Parenting on a Dare: My Decision to Accept Teen Motherhood

Follow the journey of one young mom adjusting to life with a baby.

Change of Plans

Black and white of mom and newborn baby

My daughter was 4 days old on the day I decided to be her parent. My father was in the driver's seat. I was a 16-year-old leaking milk in the backseat of my parents' station wagon when I made the announcement: "Let's go get her."

"We're going to get the baby," my father said, and drove over a wall of traffic cones to cross over into the turn lane. And that was that: Me, my parents, my younger brother, all of us went on this reckless mission to pick up a newborn baby we'd left with my mother's single friend until we figured out what the hell to do with her. I don't know how my father got there without killing us all. We were all crying. We knew it was a stupid idea. We knew we could be seriously messing up at least two lives. We knew that there was a perfectly appropriate adoptive couple, of the right age and financial situation, with a mortgage, two cars and a nursery waiting for that baby. But somehow we all rushed into the friend's condo, claimed our baby, and took her home, where she went to sleep in a tiny crib that had housed my baby dolls not that many years before.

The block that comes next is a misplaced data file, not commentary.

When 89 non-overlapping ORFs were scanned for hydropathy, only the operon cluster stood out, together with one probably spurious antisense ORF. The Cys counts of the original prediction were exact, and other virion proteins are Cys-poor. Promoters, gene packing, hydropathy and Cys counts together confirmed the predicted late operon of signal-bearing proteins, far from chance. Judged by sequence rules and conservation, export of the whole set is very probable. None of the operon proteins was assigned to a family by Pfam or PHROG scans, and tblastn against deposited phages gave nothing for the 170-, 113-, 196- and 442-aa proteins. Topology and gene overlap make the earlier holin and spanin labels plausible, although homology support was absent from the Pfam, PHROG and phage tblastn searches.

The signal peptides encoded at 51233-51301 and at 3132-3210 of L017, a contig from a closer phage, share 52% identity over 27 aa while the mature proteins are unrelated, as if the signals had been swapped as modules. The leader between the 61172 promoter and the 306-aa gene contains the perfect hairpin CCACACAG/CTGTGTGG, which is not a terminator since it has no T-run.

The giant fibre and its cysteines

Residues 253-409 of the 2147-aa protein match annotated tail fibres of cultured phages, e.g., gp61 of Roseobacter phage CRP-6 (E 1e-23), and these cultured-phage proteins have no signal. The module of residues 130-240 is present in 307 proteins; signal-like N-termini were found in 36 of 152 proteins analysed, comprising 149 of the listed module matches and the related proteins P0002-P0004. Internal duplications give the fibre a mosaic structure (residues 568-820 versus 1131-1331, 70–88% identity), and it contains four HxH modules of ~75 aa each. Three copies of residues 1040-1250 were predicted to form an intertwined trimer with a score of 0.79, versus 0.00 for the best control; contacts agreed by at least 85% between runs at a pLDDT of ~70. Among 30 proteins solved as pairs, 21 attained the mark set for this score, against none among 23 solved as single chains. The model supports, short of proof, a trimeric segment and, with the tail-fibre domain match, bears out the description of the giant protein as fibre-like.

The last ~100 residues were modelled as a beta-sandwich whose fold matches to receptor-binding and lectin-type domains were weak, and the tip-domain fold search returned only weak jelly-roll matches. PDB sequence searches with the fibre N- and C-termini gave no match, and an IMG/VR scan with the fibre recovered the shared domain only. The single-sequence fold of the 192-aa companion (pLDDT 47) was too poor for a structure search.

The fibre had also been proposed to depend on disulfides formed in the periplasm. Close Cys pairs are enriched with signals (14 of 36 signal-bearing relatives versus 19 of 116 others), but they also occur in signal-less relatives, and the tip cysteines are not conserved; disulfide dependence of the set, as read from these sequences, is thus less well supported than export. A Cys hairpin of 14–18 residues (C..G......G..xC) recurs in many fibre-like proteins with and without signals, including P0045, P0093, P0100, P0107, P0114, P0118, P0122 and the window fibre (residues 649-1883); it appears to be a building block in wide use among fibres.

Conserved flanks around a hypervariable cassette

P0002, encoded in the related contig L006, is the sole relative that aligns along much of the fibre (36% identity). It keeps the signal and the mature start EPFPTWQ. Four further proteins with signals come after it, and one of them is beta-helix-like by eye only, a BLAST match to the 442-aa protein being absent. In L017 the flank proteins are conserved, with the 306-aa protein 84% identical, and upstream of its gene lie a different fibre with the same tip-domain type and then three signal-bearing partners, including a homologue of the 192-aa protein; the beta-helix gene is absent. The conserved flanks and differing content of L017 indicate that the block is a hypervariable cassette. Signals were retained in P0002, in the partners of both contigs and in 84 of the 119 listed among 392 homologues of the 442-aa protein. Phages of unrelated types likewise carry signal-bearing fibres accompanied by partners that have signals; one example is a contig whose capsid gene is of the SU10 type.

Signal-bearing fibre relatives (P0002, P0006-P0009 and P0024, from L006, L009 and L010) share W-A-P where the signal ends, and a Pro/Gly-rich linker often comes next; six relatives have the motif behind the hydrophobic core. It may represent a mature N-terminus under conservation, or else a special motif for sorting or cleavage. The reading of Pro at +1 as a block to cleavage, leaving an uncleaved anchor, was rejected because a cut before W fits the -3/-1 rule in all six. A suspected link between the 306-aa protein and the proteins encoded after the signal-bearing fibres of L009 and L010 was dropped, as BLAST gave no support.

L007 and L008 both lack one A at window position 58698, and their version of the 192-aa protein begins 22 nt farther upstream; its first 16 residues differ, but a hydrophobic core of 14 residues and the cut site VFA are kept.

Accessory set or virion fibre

Promises

We all made promises to that child. My brother, who was 10 at the time, promised to donate all of his allowance for the next eight years, and a new pair of Bugle Boy jeans if we'd keep her. (We still haven't collected on that part of the deal, but I remind him every few years that coming through with at least the Bugle Boys is the right thing to do.) My parents promised to get me somehow to adulthood, by providing us both with a place to live and health insurance, giving me free childcare (from my stay-at-home mother) through high school and sending me on to college, as they had already planned to do.

My promise was the most complicated. On the morning my daughter was born, the doctor came in to talk to me. He knew my age. He knew there was an adoptive family waiting to take her (the bouquet they sent was on my nightstand.) He knew I had not yet made the decision.

He told me that he was concerned with taking care of his patients' minds as well as their bodies. He said that, of course, the best decision for my daughter would be to place her for adoption. But, he said, perhaps I was not strong enough to make that choice.

My response? F you.

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